Tuesday, June 30, 2009

Secret of Ancient Village Surviving Earthquake

08/10/29 Taoping Ancient Qiang Village: The Secret of Surviving the Wenchuan Earthquake
Just like the Wenchuan Earthquake that struck southwestern China, earthquakes above a magnitude of 8 have brought destruction, pain and suffering to people in many parts of the world. Wherever they strike, they bring mass casualties and enormous loss of property.
The tragic scenes reflect the almighty and intimidating power of nature. Nature, like a powerful monster can, with a slight wave of an arm, cause high-rise buildings made of reinforced concrete to collapse like toy bricks.
So a humble village that has stood up to this monster could be considered an architectural miracle. Such a village exists. Its called Taoping ancient Qiang Village, and it is found in Li County, Sichuan Province.
Records reveal that the ancient Qiang village has faced three major earthquakes since the beginning of the 20th century; the magnitude 7.5 Diexi earthquake in 1933, the magnitude 7.2 Songpan-Pingwu earthquake in 1976, and the magnitude 8.0 Wenchuan earthquake on May the 12th, 2008. In the Wenchuan earthquake, while Taoping survived, all the other villages in the area were reduced to rubble.
Taoping ancient Qiang Village lies just 20 kilometres away from the epicenter of the Wenchuan earthquake. Yu Xingmei, a member of the Qiang ethnic group, still remembers the scene clearly.
Yet the only damage suffered by the village was to the parapet wall on top of the ancient watch tower. Its collapse was due to the architectonic phenomenon known as the whipping effect, in which the part nearest to the top of a building is most likely to be destroyed during an earthquake. However, the main body of the village, and even the 2-meter-wide lanes and the underground water network, survived intact. Not one of the Qiang houses and watch towers collapsed.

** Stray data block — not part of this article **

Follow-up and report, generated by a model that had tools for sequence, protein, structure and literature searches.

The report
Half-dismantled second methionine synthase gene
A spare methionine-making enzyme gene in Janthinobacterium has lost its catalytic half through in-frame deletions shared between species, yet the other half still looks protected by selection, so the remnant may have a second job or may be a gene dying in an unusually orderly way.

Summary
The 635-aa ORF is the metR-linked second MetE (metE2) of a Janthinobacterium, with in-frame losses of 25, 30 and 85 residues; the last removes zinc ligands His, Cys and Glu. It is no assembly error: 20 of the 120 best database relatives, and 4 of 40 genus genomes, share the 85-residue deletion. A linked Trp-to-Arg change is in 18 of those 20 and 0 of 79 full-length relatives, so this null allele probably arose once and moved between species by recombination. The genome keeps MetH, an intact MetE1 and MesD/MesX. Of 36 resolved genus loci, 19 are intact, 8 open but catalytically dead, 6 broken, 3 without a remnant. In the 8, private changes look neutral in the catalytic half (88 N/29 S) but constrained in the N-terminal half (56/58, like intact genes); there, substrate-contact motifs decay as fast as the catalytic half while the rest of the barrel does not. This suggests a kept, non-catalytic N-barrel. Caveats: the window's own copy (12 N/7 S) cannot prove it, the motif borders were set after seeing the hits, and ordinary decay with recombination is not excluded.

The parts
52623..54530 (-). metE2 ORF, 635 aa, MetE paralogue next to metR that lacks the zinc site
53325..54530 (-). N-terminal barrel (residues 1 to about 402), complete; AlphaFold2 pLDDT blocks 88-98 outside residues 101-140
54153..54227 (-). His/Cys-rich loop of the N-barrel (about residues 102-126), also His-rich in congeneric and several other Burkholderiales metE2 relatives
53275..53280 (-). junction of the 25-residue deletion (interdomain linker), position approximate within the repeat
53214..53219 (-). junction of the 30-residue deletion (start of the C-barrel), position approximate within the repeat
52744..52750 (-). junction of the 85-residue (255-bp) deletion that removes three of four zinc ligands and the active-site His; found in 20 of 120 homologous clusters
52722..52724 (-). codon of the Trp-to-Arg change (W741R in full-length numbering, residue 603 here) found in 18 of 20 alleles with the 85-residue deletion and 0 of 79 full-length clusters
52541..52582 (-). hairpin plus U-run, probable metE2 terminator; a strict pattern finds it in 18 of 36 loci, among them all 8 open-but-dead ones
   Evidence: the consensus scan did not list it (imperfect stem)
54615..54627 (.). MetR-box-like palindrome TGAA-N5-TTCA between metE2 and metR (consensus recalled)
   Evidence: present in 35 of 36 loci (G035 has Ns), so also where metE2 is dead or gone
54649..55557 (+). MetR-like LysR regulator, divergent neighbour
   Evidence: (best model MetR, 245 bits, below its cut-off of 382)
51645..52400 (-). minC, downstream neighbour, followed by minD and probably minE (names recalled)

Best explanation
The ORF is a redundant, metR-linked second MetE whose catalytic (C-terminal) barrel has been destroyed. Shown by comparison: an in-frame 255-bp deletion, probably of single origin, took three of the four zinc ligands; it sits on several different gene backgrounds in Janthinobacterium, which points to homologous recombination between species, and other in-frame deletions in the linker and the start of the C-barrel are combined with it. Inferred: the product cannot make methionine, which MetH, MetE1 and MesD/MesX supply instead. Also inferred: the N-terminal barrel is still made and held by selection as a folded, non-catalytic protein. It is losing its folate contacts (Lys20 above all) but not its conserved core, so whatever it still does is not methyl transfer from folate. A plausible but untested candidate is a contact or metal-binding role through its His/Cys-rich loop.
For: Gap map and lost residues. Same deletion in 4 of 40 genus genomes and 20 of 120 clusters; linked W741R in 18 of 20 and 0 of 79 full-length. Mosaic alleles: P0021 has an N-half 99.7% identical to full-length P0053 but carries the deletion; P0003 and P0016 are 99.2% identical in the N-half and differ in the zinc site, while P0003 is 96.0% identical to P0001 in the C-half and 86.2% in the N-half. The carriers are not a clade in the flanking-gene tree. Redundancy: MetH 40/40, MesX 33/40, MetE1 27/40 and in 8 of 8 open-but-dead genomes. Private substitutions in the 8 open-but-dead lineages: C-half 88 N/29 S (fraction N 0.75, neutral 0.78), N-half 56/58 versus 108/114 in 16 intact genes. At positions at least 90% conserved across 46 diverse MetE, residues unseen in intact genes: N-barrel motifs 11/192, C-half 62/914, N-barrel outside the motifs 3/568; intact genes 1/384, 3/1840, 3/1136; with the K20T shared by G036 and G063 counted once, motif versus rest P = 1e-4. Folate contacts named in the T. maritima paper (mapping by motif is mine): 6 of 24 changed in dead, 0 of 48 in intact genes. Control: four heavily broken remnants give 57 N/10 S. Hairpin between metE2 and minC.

The first sight visitors get of Taoping Village is of three ancient Qiang watch towers standing abreast. Against the light, the three towers look like three pillars rising up to the sky. They, like the ancient and delicate Qiang houses that surround them, withstood the onslaught of the earthquake.
So, how exactly did the ancient village survive the great earthquake? And can the architects of today learn anything from the secrets of the ancient Qiang builders?
China is a country of many nationalities. In the great Chinese family, the Qiang people are one of the most ancient nationalities. Oracle bone inscriptions from 3,000 years ago record that the Qiang people were living mainly in Northwest China and the Central Plains. Later, a branch of the nationality was incorporated into the Tibetan ethnic group, and another into the Han Nationality. The Qiang people today are the descendants of the ancient Qiang Nationality. Theirs was a turbulent history, before they finally settled in the area of the Minjiang River and Minshan Mountain.
The earliest Taoping Qiang Village was built over 2,000 years ago, in 111 B.C.
Taoping is a typical Qiang village, in that it was built with mountains to the north and facing water to the south. The buildings are laid out according to a rigid design. Built of stone, they embody a structural hierarchy. The houses are called Zhuang Houses, or Wo Zhe in the Qiang language.
The ancient Qiang village has eight gates radiating from the watch tower. The eight gates are linked to 13 alleys, which form a comprehensive communications network. The village also has a network of groundwater, which uses covered wells. People can remove the slate covers to draw water from the wells. The alleys, groundwater network and roofs combine to form a comprehensive defence system.
After surviving the wind, rain and earthquakes for the past 2,000 years, Taoping ancient Qiang Village still stands proud. It is known as a wonder in the history of architecture. Its also known as the Mysterious Fortress of the East and the most intact Living Fossil of ancient Qiang architecture.
In surviving the earthquake, Taoping Village is indebted to its unique landform and topography.
If seismic waves move along a mountain range, which part of the mountain, the top, the valley or the mountainside, can best withstand the force?
Interestingly, in the Qiang village, some of the buildings are situated on the mountain top and some on the mountainside. But none are built in the valley. So, why did the Qiang people ignore the broad and even valley with its abundant arable land?